My First Joe Kubert Comic

As you may have already heard, comics legend Joe Kubert passed away this weekend at age 85. I've expressed the opinion that he was my favorite artist of all time before, and it's a statement I've never been inspired to retract. Now he is gone, and he leaves us a huge legacy of comics work, sons who went into comics themselves, and countless students who benefited from the Kubert School. I once did a post just to showcase his art, with barely any other content. He's one of the few artists who have their own label on Your Daily Splash Page. How can I further pay him tribute? Well, I've been thinking about what my first Joe Kubert comic might have been. It wasn't a war comic, or a "primitive" adventure (Tarzan, Tor, Firehair), even if those are what he's best known for. No, it was a superhero comic: DC Comics Presents #66 (Feb. 1984).
Kubert hadn't done much superhero work since the Hawkman days, especially not interiors, though he produced amazing covers for all sorts of comics right up to the 2010s. So a Superman/Demon story was an unusual event, and look, DC even advertized his name on the cover, something that wasn't regularly done at the time (not on DCP anyway). But of course, I had no way of knowing this. I was all of 12 in November of '83 when this book was on the stands, at a time in my life when I might pick up just about anything, and when one artist was probably as good as the next, mostly interchangeable.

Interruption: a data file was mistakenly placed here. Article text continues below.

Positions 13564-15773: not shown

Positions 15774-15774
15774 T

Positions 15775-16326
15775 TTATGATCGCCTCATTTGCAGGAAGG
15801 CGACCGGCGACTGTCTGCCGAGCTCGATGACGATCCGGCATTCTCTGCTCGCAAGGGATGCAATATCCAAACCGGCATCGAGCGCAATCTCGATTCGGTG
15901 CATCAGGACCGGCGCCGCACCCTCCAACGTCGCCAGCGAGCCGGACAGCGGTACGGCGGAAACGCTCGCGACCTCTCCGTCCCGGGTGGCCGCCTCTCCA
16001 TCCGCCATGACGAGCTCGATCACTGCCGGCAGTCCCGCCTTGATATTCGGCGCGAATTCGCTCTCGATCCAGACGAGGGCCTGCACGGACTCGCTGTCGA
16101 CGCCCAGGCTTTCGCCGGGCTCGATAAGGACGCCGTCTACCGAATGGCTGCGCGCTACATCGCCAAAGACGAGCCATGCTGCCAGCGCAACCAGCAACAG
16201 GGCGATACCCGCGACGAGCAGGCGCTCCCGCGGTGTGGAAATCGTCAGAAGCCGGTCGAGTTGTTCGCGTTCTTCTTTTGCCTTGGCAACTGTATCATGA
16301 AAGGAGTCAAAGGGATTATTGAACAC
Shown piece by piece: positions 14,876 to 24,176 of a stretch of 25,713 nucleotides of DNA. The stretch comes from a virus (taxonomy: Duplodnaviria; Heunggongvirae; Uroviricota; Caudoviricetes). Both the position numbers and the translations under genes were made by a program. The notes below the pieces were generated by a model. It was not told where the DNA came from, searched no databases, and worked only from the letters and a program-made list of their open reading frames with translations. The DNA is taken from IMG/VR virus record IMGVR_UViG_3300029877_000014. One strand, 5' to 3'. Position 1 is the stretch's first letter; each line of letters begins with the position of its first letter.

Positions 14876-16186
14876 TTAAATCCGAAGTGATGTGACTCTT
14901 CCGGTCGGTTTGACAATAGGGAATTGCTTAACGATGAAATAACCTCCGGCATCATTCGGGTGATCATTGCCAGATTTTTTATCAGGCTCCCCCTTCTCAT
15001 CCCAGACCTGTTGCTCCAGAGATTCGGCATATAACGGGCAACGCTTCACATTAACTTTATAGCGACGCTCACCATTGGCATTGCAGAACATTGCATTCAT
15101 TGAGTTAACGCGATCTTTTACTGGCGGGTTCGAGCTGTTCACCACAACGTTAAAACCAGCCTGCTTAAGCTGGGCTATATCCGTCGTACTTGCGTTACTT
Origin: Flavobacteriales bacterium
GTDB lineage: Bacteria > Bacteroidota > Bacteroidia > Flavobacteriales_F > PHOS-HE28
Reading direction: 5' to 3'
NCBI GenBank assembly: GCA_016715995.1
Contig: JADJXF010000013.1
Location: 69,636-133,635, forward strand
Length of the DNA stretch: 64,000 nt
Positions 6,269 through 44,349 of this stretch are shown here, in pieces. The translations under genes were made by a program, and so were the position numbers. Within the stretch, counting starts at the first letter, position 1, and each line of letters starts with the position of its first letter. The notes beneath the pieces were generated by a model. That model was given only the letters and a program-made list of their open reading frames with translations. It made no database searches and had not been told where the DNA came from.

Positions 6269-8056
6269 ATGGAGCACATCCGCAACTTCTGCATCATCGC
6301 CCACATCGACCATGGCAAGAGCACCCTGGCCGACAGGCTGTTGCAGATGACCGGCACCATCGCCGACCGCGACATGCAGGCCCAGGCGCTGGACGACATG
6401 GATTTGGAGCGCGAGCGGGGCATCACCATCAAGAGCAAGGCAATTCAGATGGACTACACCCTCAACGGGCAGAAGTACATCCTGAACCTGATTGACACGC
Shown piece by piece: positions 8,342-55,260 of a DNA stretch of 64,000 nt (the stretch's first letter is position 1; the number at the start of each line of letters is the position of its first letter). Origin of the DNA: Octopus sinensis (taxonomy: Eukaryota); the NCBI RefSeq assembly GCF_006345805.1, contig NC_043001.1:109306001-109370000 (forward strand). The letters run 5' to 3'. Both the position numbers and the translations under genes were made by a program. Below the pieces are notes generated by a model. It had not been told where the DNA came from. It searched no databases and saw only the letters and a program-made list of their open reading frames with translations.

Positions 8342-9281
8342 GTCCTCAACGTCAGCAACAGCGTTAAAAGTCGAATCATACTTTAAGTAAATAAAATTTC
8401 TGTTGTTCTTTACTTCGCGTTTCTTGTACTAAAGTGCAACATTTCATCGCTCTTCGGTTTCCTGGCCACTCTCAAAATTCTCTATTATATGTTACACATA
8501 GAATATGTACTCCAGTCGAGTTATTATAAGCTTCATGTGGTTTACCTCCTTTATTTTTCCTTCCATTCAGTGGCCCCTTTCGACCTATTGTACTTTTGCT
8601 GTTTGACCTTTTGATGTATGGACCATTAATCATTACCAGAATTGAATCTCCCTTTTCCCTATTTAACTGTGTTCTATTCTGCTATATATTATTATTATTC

But I knew there were some artists whose work was distinctly different, and this Joe Kubert was one of them. His line work is so bold, expressive and confident that it looks like it was done in ink directly. This particular issue stands up today, no surprise, thanks to its dynamic art. Even his signature is awesome! DCP was full of one-off villains, and #66's Blackbriar Thorn, a big wooden druid, was one of these, but he still managed to sneak into Crisis on Infinite Earths and Who's Who, probably because Kubert made him so appealing visually. And Kubert must also be the reason Geoff Johns resurrected B.T. in the 2000s as a JSA villain. He's only 2 years younger than I am, so the perfect age to get struck by the Kubert lightning.

You will be missed, Master Kubert. There will never be another like you, though you live on in Andy and Adam and the many other illustrators he inspired and mentored. The silver lining for me is that I know I haven't seen or read all of your work yet. A tearful joy awaits me in that exploration.


Martin Gray said...

The first Joe Kubert I saw was a Tarzan ad in early Seventies DC comics. The first story I read was a Hawkman reprinted in a 100pp Super-Spectacular or similar Giant. I loved the liveliness of the linework. It was always a treat to find him stepping outside the war arena to give Superman, the All-Star Squadron, Flash or whomever the Kubert treatment.

What a legacy he leaves. I hope we still get a full run of Joe Kubert Presents.

Siskoid said...

Now more than ever.

Anonymous said...